1. David: I agree, but I know of no way to write letters or discuss this with society membership in general. The membership list is not public. I tried to start a discussion on the society’s Facebook page, but I suspect that is seen by a tiny percentage of membership. A few more SSB members may see the discussion here. Unfortunately, the only thing most members will see is the ballot proposal, which explains nothing. Seeing nothing, many members will likely assume that there is a good reason for the change, or that Mayr “did something bad,” which is completely false. If you have ideas about how we can contact and inform members effectively, I’m happy to do so. I feel that the society could commit a grave injustice if we can’t find an effective way to discuss the proposal openly with SSB members.

      1. David, I think we should contact current SSB leadership (officers/council members) and ask that, given the significance of this, they consider allowing & sending to members a letter from past SSB leadership and others, addressing the issues. There is precedent for this I think. I also suspect we’d get a lot of signatures. And of course any who feel differently can write as well, though they would be very hard pressed. I’ll email you separately.

      2. Maybe David could take parts of his comments here and put up a twitter thread in response to Dr. Uyeda’s thread? Tagging the SSB leaders in that thread would generate responses from members too. Sadly twitter is not a great place for a calm, reasoned discussion. But might be worth a try.

        1. Reluctantly, I have posted my comments on Twitter, even though my experiences with Twitter have mostly been terrible. I don’t want to tag any SSB leaders, as I don’t even know who supported the proposal and who did not, and so I would not want to imply anything about that. Moreover, I respect that people have different opinions, for whatever their reasons may be. So I will continue to express my views as clearly and honestly as I can, but I do not intend to call out anyone in particular for their views. I think my arguments stand on their own merit, without criticizing other people for their honest opinions.

      3. I think a position statement/letter with a bunch of prominent signatories, allowing more signatories, recommending a no vote, & then broadcasting it everywhere, would be highly effective.

    2. I was in graduate school in Ann Arbor at the time that Ed Wilson’s Sociobiology book was published and a meeting was called by grad students to discuss this horrific thesis that Homo sapiens genes would partially govern sociality, behavior, intelligence, etc. I am a fairly quiet person prone to listening more than arguing, but so many of my peers were expressing such irrational outrage that I had to ask. HAVE YOU READ THE LAST CHAPTER IN SOCIOBIOLOGY? That quieted the room as NONE of them had but I had. I bought that book as soon as it was out as I had been a dual Anthropology and Biology major at Harvard, and knew Dr. Wilson. Who ever is behind this cancel Ernst Mayr process hasn’t done their homework.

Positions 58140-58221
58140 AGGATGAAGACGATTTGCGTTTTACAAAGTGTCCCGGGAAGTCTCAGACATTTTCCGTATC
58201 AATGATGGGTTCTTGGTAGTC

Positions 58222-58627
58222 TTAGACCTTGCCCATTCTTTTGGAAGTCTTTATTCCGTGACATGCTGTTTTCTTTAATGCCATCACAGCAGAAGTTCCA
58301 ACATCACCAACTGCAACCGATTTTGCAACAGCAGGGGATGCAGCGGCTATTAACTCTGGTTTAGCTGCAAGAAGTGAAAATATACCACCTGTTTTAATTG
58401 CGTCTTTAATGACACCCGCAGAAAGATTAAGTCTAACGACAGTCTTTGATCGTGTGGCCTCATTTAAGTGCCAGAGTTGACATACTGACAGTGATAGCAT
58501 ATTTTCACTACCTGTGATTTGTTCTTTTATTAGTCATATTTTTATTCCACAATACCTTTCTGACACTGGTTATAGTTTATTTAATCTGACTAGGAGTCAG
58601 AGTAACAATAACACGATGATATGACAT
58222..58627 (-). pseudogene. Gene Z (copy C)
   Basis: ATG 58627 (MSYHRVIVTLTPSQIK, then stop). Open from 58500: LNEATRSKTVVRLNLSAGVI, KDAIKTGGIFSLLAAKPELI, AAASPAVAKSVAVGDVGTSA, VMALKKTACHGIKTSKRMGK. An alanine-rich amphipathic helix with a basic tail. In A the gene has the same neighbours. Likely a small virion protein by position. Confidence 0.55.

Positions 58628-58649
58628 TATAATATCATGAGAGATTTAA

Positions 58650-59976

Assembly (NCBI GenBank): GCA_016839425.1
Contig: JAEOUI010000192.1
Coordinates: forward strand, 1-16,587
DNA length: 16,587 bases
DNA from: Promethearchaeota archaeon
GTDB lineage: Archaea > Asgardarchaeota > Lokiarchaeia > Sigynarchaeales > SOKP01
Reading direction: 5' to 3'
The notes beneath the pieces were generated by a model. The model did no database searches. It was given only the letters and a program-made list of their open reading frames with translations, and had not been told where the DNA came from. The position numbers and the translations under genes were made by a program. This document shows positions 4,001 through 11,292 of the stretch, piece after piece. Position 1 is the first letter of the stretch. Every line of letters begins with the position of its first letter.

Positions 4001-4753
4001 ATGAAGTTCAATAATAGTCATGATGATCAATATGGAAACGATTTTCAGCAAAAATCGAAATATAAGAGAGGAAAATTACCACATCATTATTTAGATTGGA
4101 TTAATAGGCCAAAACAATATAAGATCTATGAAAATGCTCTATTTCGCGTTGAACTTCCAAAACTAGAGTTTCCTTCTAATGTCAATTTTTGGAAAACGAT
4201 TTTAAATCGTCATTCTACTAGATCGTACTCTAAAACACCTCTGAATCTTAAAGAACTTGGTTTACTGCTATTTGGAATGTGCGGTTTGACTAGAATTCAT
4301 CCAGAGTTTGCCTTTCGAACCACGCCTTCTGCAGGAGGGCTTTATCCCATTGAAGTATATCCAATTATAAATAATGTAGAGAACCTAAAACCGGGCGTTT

22. The SSB can name their prize what they want. But the change will be confusing, less honoring and their organization less honorable and seemingly racist.

    I just wish it wasn’t a scientific organization doing this to themselves.

    If this is the case, though, then they should rename the Nobel Prizes, for Alfred Nobel endowed these most famous science awards in his will, and he was an Old White Man.

    That won’t happen since it derives from Alfred Nobel’s will.

    Further, as has been described here, the current Prize committee is adamant in using meritocratic principles as elsewhere in science.

    Finally, Prize winners are few and it wouldn’t be a very useful way to make up for imbalances in education and research.

  23. What on earth did Fisher mean by different groups’ “capacity for emotional development”? Even the most ardent racist in 2022 doesn’t make those kind of claims. Very ugly stuff. Mayr’s statement in response is the most eloquent statement of antiracism I’ve read. I hope his memory is not erased.

    1. I’ve read a lot of Fisher’s letters etc at this point, and I’m pretty sure Fisher has in mind this line from Darwin’s Descent of Man: “The races differ also in constitution, in acclimatisation, and in liability to certain diseases. Their mental characteristics are likewise very distinct; chiefly as it would appear in their emotional, but partly in their intellectual, faculties.”

      For Darwin, and Fisher, who read Darwin extremely closely, the claim about emotional differences seemed more obviously true and significant than any intellectual differences. This is extremely hard for us modern readers to perceive because we are conditioned by decades of discussion of Charles Murray’s “The Bell Curve” and the similar stuff before that based on IQ etc. But IQ was just not a significant part of Fisher’s thinking, I have only come across one or two scattered references.

      What Fisher definitely was, was an adaptationist who thought that instincts evolved. This was revolutionary when he took the idea seriously e.g. when writing about sexual selection in his 1930 The Genetical Theory of Natural Selection, but much less so when (in the very next chapter!) he takes the same logic and applies it to humans, where he seems to think that e.g. the anti-infanticide instinct evolved differently in different societies and (subtext) this was God’s way of morally improving and civilizing humankind.